What is a knitting gauge converter?
Take your stitch gauge, divide it by their stitch gauge and the answer is the Stitch Convertor. Use up to 2 decimal points. For example; say you are getting 29.5 stitches to 4 inches and the pattern calls for 28 stitches for 4 inches. Divide yours (29.5) by theirs (28) and the answer (stitch convertor) is 1.0535714.
What is a knitting measure used for?
Gauge is just a measure of how big your stitches are. Gauge has two parts: stitches and rows. This means gauge is measuring both the width of your stitches and the height of your stitches. Not all knitters stitch the same way: Some of us tend to knit tighter stitches while others have a very loose technique.
How do I figure out how much yarn I need?
How much yarn do you have?
- Multiply the number of yards or meters in a full skein (on the yarn’s label) by the weight of the partial skein (use a scale to measure this).
- Take that number and divide it by the weight of the full skein (on the yarn’s label).
Do bigger knitting needles make bigger stitches?
The real way to change the number of stitches that you knit in an inch is to change the needles that you’re using. A needle with a smaller diameter means that you make smaller loops when you wrap the yarn, and therefore you get smaller stitches. Likewise, bigger needles make bigger stitches.
What do you do with knitting swatches?
I often knit swatches to test stitch patterns or to try out unfamiliar knitting techniques. For these swatches, I usually use scrap yarn and throw away the swatches afterward. If I’m knitting a garment where gauge is important (for a sweater, for example), I’ll save the swatch until the garment is complete.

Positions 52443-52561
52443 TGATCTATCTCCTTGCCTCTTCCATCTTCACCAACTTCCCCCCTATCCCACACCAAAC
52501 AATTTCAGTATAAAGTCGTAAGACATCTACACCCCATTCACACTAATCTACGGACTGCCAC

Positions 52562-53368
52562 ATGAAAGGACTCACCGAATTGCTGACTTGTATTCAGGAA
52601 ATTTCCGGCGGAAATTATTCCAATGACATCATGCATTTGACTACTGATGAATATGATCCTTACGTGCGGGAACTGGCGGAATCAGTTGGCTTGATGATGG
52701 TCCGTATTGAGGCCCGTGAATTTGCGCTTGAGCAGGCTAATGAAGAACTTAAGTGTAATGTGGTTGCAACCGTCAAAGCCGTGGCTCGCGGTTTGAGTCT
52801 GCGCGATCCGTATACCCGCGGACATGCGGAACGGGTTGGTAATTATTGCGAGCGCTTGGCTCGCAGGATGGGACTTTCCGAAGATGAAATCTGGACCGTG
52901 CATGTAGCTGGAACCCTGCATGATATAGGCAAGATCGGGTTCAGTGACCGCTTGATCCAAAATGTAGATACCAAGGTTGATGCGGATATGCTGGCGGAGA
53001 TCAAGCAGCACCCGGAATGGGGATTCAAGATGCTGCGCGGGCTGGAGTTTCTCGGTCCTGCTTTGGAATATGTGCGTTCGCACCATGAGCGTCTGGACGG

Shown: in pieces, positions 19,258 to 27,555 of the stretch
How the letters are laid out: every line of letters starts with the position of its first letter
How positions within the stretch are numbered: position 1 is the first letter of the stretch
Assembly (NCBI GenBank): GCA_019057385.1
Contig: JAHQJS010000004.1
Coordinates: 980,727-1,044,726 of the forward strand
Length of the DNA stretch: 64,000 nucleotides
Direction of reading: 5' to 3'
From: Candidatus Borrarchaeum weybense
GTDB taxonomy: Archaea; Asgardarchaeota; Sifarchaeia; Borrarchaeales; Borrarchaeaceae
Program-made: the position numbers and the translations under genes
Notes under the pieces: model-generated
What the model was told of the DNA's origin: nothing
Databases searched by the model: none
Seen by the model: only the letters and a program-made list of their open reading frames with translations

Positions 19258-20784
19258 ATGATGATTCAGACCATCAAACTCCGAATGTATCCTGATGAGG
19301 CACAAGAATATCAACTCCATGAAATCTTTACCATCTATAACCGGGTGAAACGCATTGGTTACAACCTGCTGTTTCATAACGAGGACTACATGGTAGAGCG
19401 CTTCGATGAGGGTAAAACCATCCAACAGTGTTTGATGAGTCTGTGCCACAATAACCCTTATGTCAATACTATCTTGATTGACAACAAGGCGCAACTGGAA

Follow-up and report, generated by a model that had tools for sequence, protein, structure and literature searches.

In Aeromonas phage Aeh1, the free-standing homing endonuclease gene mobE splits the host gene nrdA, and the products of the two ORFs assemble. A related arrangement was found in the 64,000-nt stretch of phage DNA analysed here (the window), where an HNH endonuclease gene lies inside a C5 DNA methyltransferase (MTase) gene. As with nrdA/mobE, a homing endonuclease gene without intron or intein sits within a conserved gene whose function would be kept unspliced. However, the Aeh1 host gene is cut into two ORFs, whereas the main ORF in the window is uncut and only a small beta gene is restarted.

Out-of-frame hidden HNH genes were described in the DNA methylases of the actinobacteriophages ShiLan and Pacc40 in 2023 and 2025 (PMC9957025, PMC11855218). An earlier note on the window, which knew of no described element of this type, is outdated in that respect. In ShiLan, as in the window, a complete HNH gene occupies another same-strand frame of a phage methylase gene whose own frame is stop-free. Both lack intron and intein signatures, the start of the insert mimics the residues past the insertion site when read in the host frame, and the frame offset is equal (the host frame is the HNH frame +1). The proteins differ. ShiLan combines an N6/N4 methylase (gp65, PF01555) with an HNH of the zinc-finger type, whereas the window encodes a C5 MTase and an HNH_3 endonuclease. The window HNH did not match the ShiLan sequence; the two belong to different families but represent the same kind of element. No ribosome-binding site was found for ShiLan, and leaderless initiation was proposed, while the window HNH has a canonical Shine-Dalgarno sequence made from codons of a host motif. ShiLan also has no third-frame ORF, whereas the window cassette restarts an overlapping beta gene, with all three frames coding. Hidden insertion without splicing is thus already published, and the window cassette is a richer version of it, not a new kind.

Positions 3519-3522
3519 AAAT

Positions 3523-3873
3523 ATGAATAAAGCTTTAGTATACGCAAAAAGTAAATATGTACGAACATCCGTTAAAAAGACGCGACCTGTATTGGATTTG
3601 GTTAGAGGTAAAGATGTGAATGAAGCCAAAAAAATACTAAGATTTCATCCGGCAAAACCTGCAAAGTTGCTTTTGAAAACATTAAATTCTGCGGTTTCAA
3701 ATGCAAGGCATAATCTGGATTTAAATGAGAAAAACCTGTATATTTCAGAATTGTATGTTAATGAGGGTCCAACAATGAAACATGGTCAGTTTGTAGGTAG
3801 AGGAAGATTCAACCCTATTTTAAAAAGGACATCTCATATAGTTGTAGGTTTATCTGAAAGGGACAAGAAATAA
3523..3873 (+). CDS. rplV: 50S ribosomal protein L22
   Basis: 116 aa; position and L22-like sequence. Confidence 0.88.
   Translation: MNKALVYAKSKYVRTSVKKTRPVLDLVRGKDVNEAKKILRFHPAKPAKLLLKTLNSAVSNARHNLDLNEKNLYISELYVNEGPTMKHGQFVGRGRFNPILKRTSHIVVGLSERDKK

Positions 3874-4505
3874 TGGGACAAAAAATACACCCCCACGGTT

What does it mean to block your knitting?
What is Blocking? Blocking is the process of wetting or steaming your final pieces of knitting to set the finished size and even out the stitches. … The fiber content of the yarn and the stitch pattern of your knitting will often determine how you block your finished pieces.
What is called when you knit one row and purl the next?
To knit stockinette stitch (abbreviated St st), you alternate a knit row with a purl row. Stockinette stitch (or stocking stitch) is everywhere: scarves, socks, sweaters, blankets, hats — you name it. … The bumpy side of stockinette stitch fabric is called reverse stockinette or purl.